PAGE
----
Mention hydraulics, and most people think of heavy-duty oil-powered pistons. But it doesn’t take a professor of etymology to realise that the technology’s first successful medium was water, and until Jenney’s invention of the hydraulic oil system in 1906 water-based hydraulic systems had enjoyed centuries of dominance.
Now, with companies increasingly concerned about safety and the environmental impact of oil-based hydraulic systems, water is enjoying a resurgence as a hydraulic medium.
The first well-documented uses of water as a power-transmitting medium appear in the late 1700 with UK inventor Joseph Bramah patenting the water hydraulic press in 1795. Water remained an accurate and economic means of transmitting power until the end of the 19th century. Electrical power offered engineers a means of accurate control and a large power supply over long distances and in 1906 the first oil hydraulic system was introduced.
The advance of electrohydraulic controls and the invention of the electrohydraulic servovalve led to a great advance in technology for oil-based hydraulic systems. However, water-based hydraulic systems have never completely gone away, and the great advantage of using a harmless medium has seen such systems enjoy continued uses as varied as the food processing and nuclear power. Water has a great number of factors in its favour. It’s environmentally friendly and clean, doesn’t pose a fire risk, and its cost in terms of initial fill, replacement, storage and disposal is practically zero.
However, problems with lubrication require specialised designs for components with moving parts such as pumps, motors and valves and so on. Issues such as corrosion, algae and cavitation erosion – where violent gas bubble formation causes rapid component wear – have all held the technology back.
Now, thanks to improvements in material properties and an increased demand for water-based systems, systems are available that claim to overcome many traditional drawbacks.
Tony Markham, managing director of the Hull-based Water Hydraulics Company, said the biggest drawback of water hydraulics is high cost. ‘This is down to the corrosive properties of water, plus the fact that you also have to introduce some kind of lubricant – you’re looking at an expensive component,’ he said.
Markham added that while a number of companies supply equipment that operates on water as the hydraulic fluid, its design is generally borne of the equivalent oil industry standards, featuring comparatively expensive material specifications and tighter manufacturing tolerances. The result is an expensive product that restricts water hydraulics to the niche application where contamination or fire risk are the major considerations and cost is not the over-riding criterion. However, Markham claimed that, assisted by a DTI Smart Innovation Award, Water Hydraulics has reduced this cost differential. The company has launched a range of valves that offer pressure and flow control. Janus Control valves give directional flow and pressure control for system pressures up to 200 bar, making them ideal, said Markham, not just for water but any corrosive low-viscosity fluid.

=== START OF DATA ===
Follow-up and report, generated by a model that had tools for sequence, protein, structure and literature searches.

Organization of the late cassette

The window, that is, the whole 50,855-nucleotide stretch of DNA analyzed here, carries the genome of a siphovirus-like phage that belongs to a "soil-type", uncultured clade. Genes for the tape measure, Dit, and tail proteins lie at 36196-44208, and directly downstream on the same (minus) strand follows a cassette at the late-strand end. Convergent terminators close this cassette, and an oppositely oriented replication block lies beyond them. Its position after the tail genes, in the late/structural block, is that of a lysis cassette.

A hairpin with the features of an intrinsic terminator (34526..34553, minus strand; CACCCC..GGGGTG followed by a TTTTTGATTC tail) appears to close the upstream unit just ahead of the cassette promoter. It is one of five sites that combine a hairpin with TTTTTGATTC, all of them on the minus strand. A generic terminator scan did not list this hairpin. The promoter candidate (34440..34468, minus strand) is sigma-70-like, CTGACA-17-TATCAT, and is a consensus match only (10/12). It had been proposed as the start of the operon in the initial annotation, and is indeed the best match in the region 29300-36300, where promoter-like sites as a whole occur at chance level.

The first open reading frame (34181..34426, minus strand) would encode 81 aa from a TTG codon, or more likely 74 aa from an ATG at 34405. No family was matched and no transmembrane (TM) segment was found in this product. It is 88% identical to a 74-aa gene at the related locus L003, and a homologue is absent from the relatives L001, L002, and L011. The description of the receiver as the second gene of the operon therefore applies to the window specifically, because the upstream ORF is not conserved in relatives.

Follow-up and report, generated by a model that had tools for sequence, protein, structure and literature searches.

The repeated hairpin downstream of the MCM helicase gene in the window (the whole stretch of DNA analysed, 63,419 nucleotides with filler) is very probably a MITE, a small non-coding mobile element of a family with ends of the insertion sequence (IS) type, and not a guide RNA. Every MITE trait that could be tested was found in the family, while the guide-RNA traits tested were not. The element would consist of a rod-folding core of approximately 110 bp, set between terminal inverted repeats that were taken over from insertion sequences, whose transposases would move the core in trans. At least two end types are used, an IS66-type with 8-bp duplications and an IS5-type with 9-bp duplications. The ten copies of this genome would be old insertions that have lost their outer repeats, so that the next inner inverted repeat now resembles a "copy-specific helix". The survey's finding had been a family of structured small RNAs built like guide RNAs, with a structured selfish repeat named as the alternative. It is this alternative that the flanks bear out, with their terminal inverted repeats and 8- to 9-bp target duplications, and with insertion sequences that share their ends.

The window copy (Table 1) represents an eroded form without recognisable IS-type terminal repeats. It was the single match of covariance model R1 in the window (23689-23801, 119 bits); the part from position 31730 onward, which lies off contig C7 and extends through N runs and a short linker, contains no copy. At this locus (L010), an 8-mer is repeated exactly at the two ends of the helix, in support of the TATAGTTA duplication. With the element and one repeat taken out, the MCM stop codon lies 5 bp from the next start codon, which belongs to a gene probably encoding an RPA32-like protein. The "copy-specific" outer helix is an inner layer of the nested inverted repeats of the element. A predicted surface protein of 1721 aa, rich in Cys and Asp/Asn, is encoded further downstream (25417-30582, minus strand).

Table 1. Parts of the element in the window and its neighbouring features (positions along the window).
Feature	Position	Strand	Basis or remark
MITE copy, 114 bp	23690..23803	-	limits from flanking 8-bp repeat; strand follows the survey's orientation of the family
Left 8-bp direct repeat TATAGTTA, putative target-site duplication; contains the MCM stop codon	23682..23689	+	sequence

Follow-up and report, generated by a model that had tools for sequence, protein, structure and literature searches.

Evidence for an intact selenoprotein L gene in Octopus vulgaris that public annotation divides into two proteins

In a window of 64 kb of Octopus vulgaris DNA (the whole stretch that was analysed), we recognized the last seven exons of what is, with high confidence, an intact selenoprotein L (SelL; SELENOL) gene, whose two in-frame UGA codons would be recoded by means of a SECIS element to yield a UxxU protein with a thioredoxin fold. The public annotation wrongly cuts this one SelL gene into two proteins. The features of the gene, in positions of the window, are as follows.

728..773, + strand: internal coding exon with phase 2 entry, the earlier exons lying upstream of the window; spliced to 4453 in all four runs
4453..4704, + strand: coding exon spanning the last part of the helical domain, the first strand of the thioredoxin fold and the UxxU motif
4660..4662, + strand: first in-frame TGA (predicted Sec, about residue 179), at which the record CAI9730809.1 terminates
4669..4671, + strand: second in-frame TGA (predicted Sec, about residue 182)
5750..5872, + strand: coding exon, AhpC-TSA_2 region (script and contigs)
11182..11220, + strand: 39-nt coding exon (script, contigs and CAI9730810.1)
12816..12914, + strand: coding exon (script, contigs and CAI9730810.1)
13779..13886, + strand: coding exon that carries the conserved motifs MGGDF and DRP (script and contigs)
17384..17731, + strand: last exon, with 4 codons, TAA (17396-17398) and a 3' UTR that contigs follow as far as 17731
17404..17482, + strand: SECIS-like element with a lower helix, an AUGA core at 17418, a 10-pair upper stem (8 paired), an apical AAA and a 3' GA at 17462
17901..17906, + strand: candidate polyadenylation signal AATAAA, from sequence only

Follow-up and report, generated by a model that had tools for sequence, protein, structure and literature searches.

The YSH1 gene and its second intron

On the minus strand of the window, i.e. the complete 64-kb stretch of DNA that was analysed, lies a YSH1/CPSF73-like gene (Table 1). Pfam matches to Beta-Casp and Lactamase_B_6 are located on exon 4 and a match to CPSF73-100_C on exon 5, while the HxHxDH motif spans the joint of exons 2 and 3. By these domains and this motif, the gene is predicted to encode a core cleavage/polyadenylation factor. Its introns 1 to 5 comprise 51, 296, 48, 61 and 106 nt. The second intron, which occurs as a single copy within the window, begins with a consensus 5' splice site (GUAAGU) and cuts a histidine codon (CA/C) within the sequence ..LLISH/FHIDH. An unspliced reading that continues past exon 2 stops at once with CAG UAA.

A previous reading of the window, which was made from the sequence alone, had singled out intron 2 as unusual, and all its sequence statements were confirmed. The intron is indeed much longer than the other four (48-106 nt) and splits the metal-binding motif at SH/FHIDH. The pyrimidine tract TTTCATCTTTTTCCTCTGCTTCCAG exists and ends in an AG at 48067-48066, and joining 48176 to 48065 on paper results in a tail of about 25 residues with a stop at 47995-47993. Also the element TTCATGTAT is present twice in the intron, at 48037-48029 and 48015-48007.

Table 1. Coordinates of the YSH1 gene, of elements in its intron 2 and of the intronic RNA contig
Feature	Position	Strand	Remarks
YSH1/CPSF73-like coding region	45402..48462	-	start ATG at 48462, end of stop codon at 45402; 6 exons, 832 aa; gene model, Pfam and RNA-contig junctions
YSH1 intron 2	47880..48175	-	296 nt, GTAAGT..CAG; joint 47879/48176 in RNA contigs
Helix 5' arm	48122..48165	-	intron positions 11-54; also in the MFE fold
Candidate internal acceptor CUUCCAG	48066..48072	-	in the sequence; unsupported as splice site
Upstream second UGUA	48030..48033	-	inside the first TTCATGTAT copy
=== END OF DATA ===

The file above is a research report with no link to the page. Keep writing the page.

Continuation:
The operating principle is a hydrostatically balanced face valve that mimics a spool arrangement. Functions not commonly seen in a single valve can now be supplied. A bolt-on pilot-operated check in both single and double-acting versions is available for load-holding applications.
The design is said to be very tolerant of fluid contamination. The sealing forces generated by the operating pressure produce sub-micron clearances that restrict entry of contamination to the bearing interfaces. Direct valve actuation via solenoid, pilot, hand and spring ensures that contaminants cannot clog or destroy designed pressure balances. The ability to generate appropriate actuation forces without small pilot feed galleries ensures that contamination or scale build-up will not affect the actuation of the valve.
The valve can also be configured to offer pressure control in terms of relief, reducing, unloading and overcentre. A major feature is that the section that controls the pressure differs from the surface that offers the seal. The efficiency of the valve is not affected even if the specially selected materials are eroded due to exceptionally high fluid velocities.
Manifold versions containing both pressure and flow control functions are available for volume applications, which offers a further cost reduction and minimises the use of expensive fittings and pipework.
Note: Fluid power giant Danfoss has introduced the Nessie range of pumps, power packs, valves, motors and cylinders which use tap water as the hydraulic medium.